More confusion can come when it’s time to track your third-party delivery sales and
    costs. You or your accountant will need the passwords for each system to check on your
    earnings and to keep track of payments coming in.
  7. Recent Third-Party Platform Controversies:
    Many third-party apps have been accused of shady practices, from overcharging to
    adding restaurants without permission. While they claim they are working in the best interests
    of their customers, it may not be in your best interest as a restaurant owner. Here are some of
    the most disputed practices by third-party delivery services.
Tips to Reduce / Control food costs without compromising quality…

The food cost is one of the biggest operating expenses (25% to 35%) for a restaurant
business. With perishable ingredients and fluctuating sales, controlling food costs in restaurants
can be extremely challenging.
Your food costs and your stock are huge spending plan details. At the point when you
misconstrue requesting or overspending on food costs, it straightforwardly influences your
primary concern. There are numerous systems for controlling food costs that you can apply to
your café business tasks.
How do restaurants control food costs? Here are Five Tips to control the food costs in
your restaurant.

  1. Ensure transparency and accuracy in vendor contract price
    Vendor-side changes or errors in ordering and invoicing can be difficult to catch and fix, but
    they can affect your food cost percentage. By verify manually or running automated receiving
    reports, you can keep an eye on vendor pricing. Your restaurant management solution can flag
    items outside of a contracted price for a specified data range, ensuring that you’re being billed
    at the quoted price.
  2. Closely Manage Your Inventory, Reduce Waste: purchase inventory at the right Level
    One of the most direct ways to reduce food cost is to avoid purchasing what you don’t
    need. With data-driven suggestive ordering, you and your managers are better able to purchase
    inventory at the right level to reduce order waste.
    Smart ordering and receiving allows you to leverage ordering suggestions, informed by
    historical and forecasted sales and inventory data.
  3. Recipe Costing: track usage and yield on each food item
    Lowering your food costs starts with understanding the cost of your food. Recipe
    costing breaks down the cost details of menu items to portion size and individual ingredients,
    calculated to the penny.
    Tracking each menu items’ recipe cost can help you optimize food usage and reduce
    food waste over time. With trends broken down by menu item or location, you can use recipe
    costing to save money by reducing incorrect portions, improper staff training, or employee
  4. Menu Planning: Proper pricing of Menu.
    Menu engineering helps you control food costs by helping you maximize the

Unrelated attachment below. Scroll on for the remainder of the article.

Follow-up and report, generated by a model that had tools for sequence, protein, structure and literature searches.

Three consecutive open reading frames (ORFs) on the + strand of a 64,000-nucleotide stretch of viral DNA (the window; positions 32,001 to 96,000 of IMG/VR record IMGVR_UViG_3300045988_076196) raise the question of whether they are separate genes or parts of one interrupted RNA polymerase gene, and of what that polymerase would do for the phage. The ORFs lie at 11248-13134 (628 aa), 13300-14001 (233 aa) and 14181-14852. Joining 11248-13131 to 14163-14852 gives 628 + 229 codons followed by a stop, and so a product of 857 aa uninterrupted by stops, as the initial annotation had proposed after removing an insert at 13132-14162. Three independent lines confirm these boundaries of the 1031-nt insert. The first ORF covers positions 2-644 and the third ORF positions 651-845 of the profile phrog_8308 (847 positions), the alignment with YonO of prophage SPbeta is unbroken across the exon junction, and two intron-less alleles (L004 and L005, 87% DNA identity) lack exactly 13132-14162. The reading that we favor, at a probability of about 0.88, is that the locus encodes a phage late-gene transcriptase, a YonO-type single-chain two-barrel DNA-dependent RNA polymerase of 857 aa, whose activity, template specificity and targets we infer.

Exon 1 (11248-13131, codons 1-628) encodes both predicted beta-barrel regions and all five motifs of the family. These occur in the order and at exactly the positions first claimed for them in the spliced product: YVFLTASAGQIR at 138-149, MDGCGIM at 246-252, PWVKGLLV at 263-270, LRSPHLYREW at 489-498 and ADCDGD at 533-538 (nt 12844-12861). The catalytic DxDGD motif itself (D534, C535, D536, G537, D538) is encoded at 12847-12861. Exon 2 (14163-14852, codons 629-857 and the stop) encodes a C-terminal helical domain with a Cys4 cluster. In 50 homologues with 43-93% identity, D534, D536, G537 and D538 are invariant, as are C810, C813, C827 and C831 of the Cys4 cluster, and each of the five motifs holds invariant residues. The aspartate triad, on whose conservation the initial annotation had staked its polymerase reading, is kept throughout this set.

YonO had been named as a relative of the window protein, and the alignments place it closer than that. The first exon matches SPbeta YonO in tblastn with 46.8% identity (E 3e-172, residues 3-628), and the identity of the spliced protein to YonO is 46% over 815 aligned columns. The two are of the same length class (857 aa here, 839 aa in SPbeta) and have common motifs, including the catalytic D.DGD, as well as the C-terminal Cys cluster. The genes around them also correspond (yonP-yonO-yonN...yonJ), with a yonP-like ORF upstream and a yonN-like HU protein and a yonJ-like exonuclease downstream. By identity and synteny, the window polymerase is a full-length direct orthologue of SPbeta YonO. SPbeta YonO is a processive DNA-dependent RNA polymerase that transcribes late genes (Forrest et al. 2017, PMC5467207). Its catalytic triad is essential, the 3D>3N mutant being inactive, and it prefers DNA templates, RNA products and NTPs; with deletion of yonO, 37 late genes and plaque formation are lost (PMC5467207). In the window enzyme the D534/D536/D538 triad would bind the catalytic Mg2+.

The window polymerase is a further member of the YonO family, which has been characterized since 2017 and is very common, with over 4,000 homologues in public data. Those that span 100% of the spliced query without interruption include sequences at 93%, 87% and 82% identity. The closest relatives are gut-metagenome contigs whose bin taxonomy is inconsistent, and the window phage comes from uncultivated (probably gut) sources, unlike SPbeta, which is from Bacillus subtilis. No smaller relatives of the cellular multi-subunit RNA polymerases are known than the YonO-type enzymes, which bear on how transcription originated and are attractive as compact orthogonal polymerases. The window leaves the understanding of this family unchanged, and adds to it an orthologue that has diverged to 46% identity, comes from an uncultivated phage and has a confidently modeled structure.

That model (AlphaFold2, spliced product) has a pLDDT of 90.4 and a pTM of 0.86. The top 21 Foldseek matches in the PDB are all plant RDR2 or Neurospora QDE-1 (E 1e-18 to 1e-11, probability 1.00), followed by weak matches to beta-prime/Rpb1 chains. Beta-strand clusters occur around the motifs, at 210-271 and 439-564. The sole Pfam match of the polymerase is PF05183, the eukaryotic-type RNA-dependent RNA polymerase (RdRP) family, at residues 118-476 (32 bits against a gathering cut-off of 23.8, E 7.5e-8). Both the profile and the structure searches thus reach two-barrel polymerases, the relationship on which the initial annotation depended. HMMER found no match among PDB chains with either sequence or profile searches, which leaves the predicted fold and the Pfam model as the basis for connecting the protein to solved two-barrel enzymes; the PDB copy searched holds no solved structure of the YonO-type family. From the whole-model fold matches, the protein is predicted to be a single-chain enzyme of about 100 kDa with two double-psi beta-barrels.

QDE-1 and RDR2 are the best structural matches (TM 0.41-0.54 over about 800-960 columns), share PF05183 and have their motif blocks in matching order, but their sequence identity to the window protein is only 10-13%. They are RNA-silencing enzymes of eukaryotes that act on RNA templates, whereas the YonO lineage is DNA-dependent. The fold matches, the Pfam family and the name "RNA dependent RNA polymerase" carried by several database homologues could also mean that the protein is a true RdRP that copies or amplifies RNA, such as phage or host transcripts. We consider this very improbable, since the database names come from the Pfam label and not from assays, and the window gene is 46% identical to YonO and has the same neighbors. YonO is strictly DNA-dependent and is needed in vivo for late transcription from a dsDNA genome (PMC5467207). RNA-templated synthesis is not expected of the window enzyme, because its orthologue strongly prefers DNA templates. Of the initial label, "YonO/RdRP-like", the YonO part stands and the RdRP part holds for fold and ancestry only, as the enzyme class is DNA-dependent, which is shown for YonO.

profitability of your menu items. By collecting sales mix polling from your integrated POS and
    combining it with recipe costing. you can instantly compare menu item popularity versus
    By seeing what items are underpriced or overpriced, you can make food cost decisions
    about revising recipes or ingredients. For instance, if you are selling a large quantity of a low
    margin item, which increases your food cost percentage, you can make adjustments to either
    raise the menu price or adjust portion sizes. Menu engineering also enables you to seize menu
    opportunities, like promoting a menu item that is high margin but low sales. Understanding the
    balance of menu item popularity and profits enables data-driven decisions that lower the cost
    of food.
  5. Food Cost Calculations: Track variances between actual vs. theoretical food costs
    Truly understanding your food cost goes beyond a “food cost percentage” calculation.
    Tracking the difference between your theoretical and actual food costs allows you to make
    impactful changes to your food cost and bottom line.
    Theoretical food cost is what your food costs should be, given the current cost of all
    ingredients, over a period of time. Actual food cost is the real amount that a restaurant spent
    on ingredients over the same period of time. The difference between these two numbers
    accounts for imperfect portion sizes, improper invoicing, kitchen waste, or employee theft.
    Tracking the actual vs. theoretical food cost variance shows you critical information
    about leaks in your profit margin. By knowing where to focus to reduce food waste, you are
    able to see where you can save money on food costs. Tracking this variance daily can help you
    spot anomalies and make adjustments before variances become issues that affect your bottom